Principles of good calf rearing

By ACS Distance Education on October 25, 2017 in Animals | comments


Calf rearing is central in both beef and dairy cattle production.

Dairy calves, in contrast, are generally reared artificially. The calf is taken from the cow at four days old so the cow can be milked for the rest of her lactation. The calf is fed from a bucket or a calf milk bar, on full milk or milk substitute. This type of calf rearing is full of difficulties and the mortality rate among calves reared in this way can be high.

The objective of good calf rearing is to produce healthy animals that will continue to grow into suitable dams for vealer herds, suitable steers or heifers for beef production, or suitable replacement heifers for dairy herds.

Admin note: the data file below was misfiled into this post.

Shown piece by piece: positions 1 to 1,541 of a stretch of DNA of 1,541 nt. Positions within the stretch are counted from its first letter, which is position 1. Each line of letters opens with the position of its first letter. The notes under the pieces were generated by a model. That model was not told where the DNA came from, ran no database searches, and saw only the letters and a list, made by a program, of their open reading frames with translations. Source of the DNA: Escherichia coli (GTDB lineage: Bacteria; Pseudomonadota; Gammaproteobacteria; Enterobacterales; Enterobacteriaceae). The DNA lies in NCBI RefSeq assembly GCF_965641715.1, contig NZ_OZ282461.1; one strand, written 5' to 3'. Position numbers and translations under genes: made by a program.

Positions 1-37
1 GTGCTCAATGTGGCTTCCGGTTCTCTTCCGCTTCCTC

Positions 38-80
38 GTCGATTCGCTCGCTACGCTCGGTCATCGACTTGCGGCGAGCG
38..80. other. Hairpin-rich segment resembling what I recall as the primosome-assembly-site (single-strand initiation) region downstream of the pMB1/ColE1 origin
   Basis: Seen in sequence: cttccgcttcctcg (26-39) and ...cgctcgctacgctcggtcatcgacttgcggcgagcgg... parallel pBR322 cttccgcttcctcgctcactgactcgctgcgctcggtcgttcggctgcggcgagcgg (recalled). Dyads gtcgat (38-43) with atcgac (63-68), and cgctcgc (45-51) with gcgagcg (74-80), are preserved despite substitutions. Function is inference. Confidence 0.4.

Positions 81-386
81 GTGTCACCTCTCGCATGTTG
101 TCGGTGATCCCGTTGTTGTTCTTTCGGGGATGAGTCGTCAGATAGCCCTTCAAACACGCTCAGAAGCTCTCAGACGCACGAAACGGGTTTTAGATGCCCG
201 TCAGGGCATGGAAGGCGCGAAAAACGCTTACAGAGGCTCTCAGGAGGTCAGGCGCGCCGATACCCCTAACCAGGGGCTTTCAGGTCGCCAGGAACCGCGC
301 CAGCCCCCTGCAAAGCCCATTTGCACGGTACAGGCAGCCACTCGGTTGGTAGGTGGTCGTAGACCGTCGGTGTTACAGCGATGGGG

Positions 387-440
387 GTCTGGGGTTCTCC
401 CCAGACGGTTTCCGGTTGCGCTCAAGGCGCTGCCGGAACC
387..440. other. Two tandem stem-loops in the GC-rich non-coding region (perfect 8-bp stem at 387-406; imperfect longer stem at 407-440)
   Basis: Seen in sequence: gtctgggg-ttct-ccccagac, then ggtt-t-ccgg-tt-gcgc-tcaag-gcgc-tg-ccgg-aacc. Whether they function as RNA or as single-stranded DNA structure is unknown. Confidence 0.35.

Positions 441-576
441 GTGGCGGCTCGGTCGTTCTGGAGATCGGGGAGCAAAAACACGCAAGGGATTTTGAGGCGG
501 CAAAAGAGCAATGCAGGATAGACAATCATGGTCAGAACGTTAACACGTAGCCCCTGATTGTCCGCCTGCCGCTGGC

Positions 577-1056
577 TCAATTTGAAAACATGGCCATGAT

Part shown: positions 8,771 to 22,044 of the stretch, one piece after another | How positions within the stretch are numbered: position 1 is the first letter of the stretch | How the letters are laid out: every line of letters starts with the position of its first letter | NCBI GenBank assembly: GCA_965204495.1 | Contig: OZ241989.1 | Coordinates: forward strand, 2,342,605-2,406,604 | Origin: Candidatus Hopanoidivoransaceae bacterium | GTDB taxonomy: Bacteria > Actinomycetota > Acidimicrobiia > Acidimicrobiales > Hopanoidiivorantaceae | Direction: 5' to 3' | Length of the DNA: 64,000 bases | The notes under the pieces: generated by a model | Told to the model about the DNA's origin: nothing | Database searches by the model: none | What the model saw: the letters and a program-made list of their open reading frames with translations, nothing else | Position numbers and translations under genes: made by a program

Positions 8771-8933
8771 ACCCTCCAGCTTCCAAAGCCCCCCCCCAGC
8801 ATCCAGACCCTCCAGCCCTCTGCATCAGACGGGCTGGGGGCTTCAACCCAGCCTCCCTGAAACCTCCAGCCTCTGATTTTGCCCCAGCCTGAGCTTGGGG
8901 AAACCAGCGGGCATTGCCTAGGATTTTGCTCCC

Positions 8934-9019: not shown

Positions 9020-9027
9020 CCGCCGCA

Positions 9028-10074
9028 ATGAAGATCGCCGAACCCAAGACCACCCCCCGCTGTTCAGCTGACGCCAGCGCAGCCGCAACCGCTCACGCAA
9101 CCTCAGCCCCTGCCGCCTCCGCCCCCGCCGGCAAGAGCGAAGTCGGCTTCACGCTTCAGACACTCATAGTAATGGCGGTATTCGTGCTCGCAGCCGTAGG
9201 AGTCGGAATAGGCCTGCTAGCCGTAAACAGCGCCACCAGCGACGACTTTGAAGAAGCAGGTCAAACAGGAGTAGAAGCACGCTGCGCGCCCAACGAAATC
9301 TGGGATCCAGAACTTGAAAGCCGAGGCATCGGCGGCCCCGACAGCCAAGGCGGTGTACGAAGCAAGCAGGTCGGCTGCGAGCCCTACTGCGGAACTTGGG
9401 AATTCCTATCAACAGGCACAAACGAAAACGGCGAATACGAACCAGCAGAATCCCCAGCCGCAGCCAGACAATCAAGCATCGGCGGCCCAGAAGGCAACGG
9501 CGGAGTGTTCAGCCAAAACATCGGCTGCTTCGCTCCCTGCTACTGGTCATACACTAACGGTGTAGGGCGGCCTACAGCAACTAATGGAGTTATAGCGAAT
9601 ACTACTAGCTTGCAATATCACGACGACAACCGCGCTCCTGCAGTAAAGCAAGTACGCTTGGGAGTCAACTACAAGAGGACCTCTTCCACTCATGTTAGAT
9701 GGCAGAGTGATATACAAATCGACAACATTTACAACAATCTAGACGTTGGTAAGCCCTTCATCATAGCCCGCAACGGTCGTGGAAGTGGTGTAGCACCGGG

A good calf-rearing program should aim for:

Minimal losses from disease and death
Good animal performance, optimum growth rate and feed efficiency
Optimal input costs and other operating costs
Minimum labour requirements
Effective utilisation of existing facilities

There is no set or “best” way to rear calves. Different combinations of feeding, housing and husbandry can be successful. What is important is that the producer understands the scientific principles of calf growth, nutrition, health and calf behaviour so they can develop a system of husbandry that can be successfully modified to their own situation.


Learn more about Calf Rearing with ACS Distance Education.